Authorities charge nearly 100 people in US, Egypt with ‘phishing’ identity theft schemeBy AP
Wednesday, October 7, 2009
Nearly 100 charged in US, Egypt in ID theft scheme
LOS ANGELES — U.S. and Egyptian authorities have charged nearly 100 people with helping an identity theft ring steal money from thousands of bank accounts.
An FBI statement says an indictment unsealed Wednesday in Los Angeles charges more than 50 people in the United States with running the “phishing” scheme. Egyptian authorities have charged another 47. The FBI says it’s the largest number of defendants ever charged in a cybercrime case.
The indictment claims Egyptian hackers used e-mails to direct victims to phony bank Web sites, where they were asked to provide account numbers. Authorities say the crooks then raided their bank accounts.
The FBI says 33 people were arrested Wednesday morning, mostly in Southern California and in Nevada and North Carolina.
THIS IS A BREAKING NEWS UPDATE. Check back soon for further information. AP’s earlier story is below.
LOS ANGELES (AP) — U.S. and Egyptian authorities are arresting dozens of people to crack an identity theft ring that victimized thousands.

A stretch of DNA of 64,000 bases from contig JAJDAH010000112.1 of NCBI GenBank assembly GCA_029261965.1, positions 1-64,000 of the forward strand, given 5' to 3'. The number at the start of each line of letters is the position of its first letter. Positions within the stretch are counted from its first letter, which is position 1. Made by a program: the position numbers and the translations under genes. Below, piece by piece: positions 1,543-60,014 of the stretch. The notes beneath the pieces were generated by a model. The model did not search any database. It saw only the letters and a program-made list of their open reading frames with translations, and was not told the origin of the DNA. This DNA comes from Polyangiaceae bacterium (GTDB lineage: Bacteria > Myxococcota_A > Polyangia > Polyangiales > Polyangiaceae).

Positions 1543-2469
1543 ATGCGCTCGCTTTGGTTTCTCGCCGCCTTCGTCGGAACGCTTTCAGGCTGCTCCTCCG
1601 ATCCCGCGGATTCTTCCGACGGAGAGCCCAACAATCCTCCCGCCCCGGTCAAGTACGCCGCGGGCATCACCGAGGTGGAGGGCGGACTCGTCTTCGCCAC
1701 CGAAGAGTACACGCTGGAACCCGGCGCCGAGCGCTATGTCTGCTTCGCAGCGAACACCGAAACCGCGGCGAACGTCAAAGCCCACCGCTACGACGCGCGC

Laura Eimiller, an FBI spokeswoman in Los Angeles, says agents are making arrests Wednesday morning in Southern California, Nevada and North Carolina. She says about 100 arrests are expected in the United States and Egypt, many in the Los Angeles area.
An indictment accuses the ring of running a “phishing” scheme, using computer intrusion and fraud to obtain personal information allowing them to withdraw money from bank accounts.
In “phishing,” people answering an e-mail are directed to a bogus Web site and asked to update information such as passwords and account numbers.
Eimiller says victims may have lost a combined couple million dollars.
Tags: Africa, California, Egypt, Fraud And False Statements, Identity Theft, Los Angeles, Middle East, North Africa, North America, Technology Issues, United States
October 9, 2009: 2:07 pm
Cybergangs are the new multi-nationals, operating their criminal enterprises as if they were real, legit businesses, with formal management and business processes and even accounting departments. So while arresting 100 people might seem like a huge dent, it only scratches the surface. Hundreds more of these shadowy business-like entities remain with similar size and organization behind them. The indictment does illustrate how their organization makes cybercriminals a unique and difficult enemy, coordinated not just across borders, but across continents – a real global security issue. These arrests highlight the tip of iceberg, and they’ve shown how powerful collaboration is to commit crime. Business, government and law enforcement need to tear a page from the cybercriminals’ book, and start collaborating effectively to stop them.
Andre Edelbrock, CEO, Ethoca